"Winter's Long Light"
30x24 inches, oil on canvas, private collection
It's freezing outside today. Okay, well maybe 17 degrees isn't exactly extreme cold, but it certainly feels like it since we were extra spoiled by a particularly mild winter. Seems all the more cruel since everything started budding and blooming a bit early, fooled by the long stretches of unusually warm temps. After a long stretch of high 70's, we were even hit with a surprise snowfall last Sunday.
I don't like being cold. Winter is my least favorite season. But I am learning to find beauty in the diversity of each.. Winter's bare trees offer a starkness to the landscape, a kind of graceful filligree of naked branches against the sky, a transparency to the horizon that we don't get in the other times of the year that allows us to see much further.
I remember hearing Melissa Helser, musician and wife of Jonathan Helser, speak about "the clarity that winter brings" a few years ago at a conference on creativity. She expounded on the significance of seasons in our lives; how times of resting from producing fruit allows our roots to grow deep into God’s heart. (read more about this in the Cageless Birds devotional book, Cultivate Vol. II: The Clarity That Winter Brings. )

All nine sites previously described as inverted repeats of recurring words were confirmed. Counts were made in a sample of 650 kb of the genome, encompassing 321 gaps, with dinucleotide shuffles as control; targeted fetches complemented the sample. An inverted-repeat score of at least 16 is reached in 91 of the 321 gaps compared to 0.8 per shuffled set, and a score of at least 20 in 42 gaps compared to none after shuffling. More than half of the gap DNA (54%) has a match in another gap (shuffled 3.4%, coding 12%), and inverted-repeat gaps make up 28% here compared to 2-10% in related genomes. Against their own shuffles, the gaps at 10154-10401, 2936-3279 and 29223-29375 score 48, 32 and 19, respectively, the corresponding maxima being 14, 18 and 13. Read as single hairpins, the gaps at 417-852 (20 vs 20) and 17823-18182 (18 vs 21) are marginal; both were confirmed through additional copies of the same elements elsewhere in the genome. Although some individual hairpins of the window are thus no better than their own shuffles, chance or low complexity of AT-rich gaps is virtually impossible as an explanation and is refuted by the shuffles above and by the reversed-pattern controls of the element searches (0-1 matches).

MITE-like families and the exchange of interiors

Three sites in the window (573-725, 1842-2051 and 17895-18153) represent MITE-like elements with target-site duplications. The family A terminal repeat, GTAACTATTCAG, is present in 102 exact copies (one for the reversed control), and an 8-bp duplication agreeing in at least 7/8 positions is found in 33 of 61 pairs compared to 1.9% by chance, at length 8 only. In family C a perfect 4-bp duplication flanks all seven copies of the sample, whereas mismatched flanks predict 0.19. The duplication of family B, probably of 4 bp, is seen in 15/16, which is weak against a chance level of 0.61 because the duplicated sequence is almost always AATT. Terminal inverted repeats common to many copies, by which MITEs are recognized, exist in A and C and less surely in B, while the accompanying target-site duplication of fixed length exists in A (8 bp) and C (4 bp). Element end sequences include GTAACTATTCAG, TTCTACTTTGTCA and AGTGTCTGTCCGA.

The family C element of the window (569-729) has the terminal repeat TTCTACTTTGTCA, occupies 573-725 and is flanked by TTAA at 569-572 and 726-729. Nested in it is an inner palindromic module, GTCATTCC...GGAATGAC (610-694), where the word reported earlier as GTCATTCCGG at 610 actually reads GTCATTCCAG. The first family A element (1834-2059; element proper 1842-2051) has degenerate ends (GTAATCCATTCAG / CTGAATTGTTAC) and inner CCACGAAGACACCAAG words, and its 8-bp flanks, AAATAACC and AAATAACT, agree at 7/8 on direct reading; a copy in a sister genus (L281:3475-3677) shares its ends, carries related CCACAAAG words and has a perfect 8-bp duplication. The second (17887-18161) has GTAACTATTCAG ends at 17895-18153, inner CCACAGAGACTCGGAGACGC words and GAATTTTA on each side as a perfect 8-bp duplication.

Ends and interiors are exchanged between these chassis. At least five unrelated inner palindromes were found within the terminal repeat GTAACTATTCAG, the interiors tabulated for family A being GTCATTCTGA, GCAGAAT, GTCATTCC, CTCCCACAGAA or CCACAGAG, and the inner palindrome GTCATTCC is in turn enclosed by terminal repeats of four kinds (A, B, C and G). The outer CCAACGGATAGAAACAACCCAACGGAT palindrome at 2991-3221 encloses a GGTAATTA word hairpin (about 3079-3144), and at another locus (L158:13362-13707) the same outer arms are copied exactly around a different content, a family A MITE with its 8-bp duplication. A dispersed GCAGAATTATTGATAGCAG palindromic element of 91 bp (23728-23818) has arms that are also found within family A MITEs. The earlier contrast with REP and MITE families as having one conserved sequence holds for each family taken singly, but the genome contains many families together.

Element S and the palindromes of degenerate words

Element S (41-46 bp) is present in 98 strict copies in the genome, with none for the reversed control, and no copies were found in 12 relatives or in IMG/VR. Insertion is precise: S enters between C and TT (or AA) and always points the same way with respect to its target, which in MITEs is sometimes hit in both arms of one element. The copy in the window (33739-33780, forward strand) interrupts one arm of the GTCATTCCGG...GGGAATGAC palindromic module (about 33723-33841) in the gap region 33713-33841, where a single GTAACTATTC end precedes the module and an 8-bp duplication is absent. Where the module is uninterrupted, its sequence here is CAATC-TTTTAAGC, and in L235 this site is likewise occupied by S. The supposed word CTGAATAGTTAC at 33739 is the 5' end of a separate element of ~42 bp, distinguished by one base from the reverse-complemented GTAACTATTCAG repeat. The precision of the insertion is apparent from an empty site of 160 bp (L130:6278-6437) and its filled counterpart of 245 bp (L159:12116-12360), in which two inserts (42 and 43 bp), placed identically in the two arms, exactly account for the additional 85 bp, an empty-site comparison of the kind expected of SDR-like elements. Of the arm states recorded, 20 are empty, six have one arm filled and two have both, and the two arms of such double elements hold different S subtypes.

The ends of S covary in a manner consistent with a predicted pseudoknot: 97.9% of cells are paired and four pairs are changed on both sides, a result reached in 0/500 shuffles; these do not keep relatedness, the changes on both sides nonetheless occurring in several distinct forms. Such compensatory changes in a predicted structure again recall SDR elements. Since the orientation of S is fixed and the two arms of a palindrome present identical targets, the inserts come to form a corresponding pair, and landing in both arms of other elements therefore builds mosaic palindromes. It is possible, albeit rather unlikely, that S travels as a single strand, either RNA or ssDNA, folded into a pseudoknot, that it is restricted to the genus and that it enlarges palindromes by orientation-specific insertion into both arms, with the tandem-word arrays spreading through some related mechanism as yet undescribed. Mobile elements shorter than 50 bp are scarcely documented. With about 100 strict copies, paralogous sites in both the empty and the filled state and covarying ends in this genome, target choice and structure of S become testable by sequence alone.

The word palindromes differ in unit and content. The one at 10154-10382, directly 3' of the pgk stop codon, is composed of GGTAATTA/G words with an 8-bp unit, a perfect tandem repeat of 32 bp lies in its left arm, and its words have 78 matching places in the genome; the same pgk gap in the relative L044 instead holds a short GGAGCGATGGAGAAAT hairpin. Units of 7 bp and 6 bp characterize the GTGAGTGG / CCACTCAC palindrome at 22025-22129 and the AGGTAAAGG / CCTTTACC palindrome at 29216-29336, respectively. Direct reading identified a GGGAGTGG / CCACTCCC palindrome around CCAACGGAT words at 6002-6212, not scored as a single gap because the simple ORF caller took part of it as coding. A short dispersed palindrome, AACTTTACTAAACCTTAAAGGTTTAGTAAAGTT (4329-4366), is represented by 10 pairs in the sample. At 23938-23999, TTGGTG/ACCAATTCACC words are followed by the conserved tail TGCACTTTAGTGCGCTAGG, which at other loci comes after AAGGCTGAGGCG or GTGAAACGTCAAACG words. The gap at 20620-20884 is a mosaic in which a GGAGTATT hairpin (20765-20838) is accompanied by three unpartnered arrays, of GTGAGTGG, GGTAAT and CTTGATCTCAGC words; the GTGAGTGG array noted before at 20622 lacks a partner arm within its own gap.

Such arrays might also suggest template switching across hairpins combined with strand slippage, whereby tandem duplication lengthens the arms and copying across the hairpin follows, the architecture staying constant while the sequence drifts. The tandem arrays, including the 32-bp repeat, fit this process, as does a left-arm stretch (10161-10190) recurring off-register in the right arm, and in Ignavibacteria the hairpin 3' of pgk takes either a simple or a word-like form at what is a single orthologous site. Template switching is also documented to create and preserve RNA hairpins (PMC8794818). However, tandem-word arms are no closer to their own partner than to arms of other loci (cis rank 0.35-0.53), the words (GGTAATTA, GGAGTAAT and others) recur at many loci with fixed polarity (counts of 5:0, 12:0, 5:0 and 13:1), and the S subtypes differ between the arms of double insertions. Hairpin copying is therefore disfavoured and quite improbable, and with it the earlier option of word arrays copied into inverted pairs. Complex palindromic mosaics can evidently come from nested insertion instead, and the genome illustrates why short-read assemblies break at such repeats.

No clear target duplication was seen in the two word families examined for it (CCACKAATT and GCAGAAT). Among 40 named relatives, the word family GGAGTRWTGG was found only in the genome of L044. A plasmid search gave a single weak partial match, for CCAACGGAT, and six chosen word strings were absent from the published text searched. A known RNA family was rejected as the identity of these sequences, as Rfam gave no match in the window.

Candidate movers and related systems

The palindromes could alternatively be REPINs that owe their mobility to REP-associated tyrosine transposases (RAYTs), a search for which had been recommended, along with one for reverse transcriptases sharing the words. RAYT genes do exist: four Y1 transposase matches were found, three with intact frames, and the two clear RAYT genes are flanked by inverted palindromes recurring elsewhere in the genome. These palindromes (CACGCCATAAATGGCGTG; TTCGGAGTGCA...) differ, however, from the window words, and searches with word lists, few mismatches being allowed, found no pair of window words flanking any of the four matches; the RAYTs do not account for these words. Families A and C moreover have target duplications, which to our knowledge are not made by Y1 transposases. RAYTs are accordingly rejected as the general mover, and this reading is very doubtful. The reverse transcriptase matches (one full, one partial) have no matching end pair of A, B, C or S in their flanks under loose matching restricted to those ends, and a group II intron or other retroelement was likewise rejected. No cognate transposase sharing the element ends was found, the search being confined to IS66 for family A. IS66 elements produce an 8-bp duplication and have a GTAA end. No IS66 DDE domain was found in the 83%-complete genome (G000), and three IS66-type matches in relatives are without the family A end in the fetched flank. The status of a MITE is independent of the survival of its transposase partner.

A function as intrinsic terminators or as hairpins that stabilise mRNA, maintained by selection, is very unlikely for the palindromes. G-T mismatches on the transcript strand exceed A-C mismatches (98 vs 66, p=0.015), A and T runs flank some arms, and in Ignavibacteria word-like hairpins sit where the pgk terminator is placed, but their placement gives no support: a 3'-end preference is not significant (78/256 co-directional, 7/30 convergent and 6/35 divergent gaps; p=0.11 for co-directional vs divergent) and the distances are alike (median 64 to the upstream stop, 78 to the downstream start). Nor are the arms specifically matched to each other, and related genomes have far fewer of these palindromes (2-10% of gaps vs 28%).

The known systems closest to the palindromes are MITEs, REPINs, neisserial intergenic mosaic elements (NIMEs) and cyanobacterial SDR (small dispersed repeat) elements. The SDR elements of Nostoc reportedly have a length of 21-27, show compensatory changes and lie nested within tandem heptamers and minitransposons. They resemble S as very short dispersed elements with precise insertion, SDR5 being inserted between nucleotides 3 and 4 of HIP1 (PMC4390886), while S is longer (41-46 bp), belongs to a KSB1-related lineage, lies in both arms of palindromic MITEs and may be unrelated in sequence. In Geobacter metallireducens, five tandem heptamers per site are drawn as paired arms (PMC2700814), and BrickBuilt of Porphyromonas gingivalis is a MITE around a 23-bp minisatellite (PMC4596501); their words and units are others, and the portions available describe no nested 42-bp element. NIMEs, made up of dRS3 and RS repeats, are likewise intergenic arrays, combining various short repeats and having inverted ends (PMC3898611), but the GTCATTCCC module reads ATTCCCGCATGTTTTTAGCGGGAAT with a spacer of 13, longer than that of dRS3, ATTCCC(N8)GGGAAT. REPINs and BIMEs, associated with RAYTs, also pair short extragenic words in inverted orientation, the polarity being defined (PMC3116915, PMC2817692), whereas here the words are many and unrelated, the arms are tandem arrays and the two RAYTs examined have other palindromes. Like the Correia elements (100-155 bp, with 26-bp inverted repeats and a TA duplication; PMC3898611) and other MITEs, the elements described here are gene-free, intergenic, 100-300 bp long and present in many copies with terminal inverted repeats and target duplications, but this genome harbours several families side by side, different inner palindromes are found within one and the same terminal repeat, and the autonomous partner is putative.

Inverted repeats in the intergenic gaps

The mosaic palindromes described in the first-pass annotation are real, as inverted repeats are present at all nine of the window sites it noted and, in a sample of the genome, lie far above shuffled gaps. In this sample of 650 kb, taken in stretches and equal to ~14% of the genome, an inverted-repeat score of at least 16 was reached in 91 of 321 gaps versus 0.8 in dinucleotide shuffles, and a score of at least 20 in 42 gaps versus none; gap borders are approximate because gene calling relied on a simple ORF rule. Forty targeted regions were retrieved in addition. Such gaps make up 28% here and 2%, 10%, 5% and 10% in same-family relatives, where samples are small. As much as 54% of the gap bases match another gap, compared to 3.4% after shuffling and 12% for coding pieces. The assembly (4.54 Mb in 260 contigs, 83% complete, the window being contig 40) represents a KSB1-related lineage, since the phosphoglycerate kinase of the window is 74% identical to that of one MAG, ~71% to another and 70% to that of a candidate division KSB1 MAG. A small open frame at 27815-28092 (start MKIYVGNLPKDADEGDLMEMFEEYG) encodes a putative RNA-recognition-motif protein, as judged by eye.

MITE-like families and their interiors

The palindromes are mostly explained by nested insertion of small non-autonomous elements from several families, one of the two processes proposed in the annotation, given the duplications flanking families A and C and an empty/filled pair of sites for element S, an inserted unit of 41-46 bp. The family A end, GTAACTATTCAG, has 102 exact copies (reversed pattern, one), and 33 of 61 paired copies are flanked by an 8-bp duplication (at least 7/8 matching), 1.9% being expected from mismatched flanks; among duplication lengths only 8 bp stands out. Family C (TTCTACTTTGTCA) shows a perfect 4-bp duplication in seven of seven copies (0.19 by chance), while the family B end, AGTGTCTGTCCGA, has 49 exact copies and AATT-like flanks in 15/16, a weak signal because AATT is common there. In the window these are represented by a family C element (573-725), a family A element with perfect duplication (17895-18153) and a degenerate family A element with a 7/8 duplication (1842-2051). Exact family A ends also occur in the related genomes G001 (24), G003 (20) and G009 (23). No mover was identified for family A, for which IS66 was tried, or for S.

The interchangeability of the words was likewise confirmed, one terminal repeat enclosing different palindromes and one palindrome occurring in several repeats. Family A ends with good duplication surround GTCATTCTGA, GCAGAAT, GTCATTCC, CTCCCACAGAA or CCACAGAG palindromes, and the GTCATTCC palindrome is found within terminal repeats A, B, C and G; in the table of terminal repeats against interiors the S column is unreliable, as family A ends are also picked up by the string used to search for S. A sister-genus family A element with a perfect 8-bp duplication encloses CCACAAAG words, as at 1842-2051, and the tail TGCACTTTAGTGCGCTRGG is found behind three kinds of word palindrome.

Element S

Reflecting on winter's necessity speaks to the barren places of my soul. Lately, I've felt disappointment and frustration that certain things are not happening out there on the landscape of my life. But this meditation reminds me that we are often easily fooled by outward appearances. On the contrary, a great deal is happening beneath the surface. Sap is rising, new buds are forming, roots are deepening. Dormancy is necessary for the energy required in upcoming seasons.
Soon the forests will be crowned in all their glory, but in the present, I'm challenged and reminded to be grateful for the changing scenery each season offers.